Is Big Labor really going to move away from the Democrats?
The Politico said as much in an email blast today. In a preview of a speech that the AFL-CIO's Richard Trumka will deliver today, the man who spends nearly as much time at the White House as a Secret Service agent will claim that Big Labor needs to start playing the field. He will claim to have listened to the voices of the workers that make up the unions. If you believe him on that, I have some real estate and a bridge that might interest you.
AFL-CIO president Richard Trumka will outline his view of the 2012 landscape in an appearance at the National Press Club this afternoon, and pledge to “spend the summer holding elected leaders in Congress as well as the states accountable on one measure: Are they improving or degrading life for working families?” In his address, Trumka will amplify recent signals from organized labor that unions don’t just want to be an arm of the Democratic Party in 2012. “We are looking hard at how we work in the nation’s political arena,” Trumka will say, according to prepared remarks. “We have listened hard, and what workers want is an independent labor movement that builds the power of working people-in the workplace and in political life. Our role is not to build the power of a political party or a candidate. It is to improve the lives of working families and strengthen our country.”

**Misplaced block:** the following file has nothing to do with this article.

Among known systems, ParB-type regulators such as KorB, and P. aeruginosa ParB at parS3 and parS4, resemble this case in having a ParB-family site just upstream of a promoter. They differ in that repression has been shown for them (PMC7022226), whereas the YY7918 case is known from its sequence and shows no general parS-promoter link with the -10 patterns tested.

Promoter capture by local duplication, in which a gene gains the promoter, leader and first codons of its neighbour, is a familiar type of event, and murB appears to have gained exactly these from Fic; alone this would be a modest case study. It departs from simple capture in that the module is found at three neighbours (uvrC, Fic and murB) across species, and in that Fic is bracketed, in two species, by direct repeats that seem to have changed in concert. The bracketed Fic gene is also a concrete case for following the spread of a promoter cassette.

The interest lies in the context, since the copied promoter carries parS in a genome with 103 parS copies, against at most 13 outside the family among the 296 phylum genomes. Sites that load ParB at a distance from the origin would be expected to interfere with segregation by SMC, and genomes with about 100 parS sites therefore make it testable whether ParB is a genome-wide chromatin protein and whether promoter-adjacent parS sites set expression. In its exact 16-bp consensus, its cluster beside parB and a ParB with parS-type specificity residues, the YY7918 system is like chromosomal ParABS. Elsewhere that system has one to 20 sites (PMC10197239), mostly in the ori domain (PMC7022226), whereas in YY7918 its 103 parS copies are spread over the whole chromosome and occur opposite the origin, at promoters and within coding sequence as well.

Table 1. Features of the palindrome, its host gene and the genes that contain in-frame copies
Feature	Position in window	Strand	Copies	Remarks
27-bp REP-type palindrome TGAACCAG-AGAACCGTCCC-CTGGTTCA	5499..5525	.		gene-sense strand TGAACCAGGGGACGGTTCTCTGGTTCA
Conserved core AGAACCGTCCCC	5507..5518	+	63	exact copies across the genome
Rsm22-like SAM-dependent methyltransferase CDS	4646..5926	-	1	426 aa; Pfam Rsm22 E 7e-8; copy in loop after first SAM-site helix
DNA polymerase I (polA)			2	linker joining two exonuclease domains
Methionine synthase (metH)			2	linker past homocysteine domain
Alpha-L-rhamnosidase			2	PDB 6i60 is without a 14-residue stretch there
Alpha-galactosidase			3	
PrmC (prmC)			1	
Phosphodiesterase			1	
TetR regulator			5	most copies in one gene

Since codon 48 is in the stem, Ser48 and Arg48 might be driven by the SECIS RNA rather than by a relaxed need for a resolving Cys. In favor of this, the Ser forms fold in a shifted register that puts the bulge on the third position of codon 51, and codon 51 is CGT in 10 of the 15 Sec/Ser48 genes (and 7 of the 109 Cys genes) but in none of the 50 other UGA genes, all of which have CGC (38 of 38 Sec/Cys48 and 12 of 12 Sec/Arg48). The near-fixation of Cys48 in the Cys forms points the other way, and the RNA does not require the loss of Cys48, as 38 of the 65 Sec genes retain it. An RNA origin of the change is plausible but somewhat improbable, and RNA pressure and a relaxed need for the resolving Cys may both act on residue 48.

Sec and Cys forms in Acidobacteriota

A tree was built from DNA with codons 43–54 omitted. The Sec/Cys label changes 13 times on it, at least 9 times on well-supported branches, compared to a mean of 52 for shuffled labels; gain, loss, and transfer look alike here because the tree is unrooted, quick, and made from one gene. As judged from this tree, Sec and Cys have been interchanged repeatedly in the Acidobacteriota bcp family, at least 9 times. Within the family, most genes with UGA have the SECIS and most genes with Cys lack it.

Right. Call me skeptical but I think Admiral Ackbar is on to something.
Under the Obama administration, Big Labor has found a way around the nasty business of getting bills drafted, passed and signed into law. Most of us call that "democracy," but to Big Labor it's just a speed bump. Big Labor has a couple of federal agencies working 24/7 to force American workers in to unions, or to force corporations to bow to union power or face multi-million dollars actions against them. That is what the federal lawsuit against Arizona and South Dakota is about, and that is what the NLRB's action against Boeing in South Carolina is all about. If those two actions stand, card check becomes the de facto law of the land (in spite of voters explicitly rejecting it in AZ and SD) and state right to work laws suffer major damage. Additionally, the AFL-CIO is about to get a foothold inside the federal budgeting process, via unionizing the Office of Management and Budget. It's no coincidence at all that that office is getting unionized under the Obama administration. Would the unions really pull back from supporting the Democrats, in their moment of triumph? I'm not asking whether they should, but whether they will.
Make no mistake: Whatever Richard Trumka says in his speech, Big Labor will continue to support Democrats. Anything he says to the contrary is just a feint to make the unions seem less partisan, or a trap to lull Big Labor's Republican opponents to sleep.
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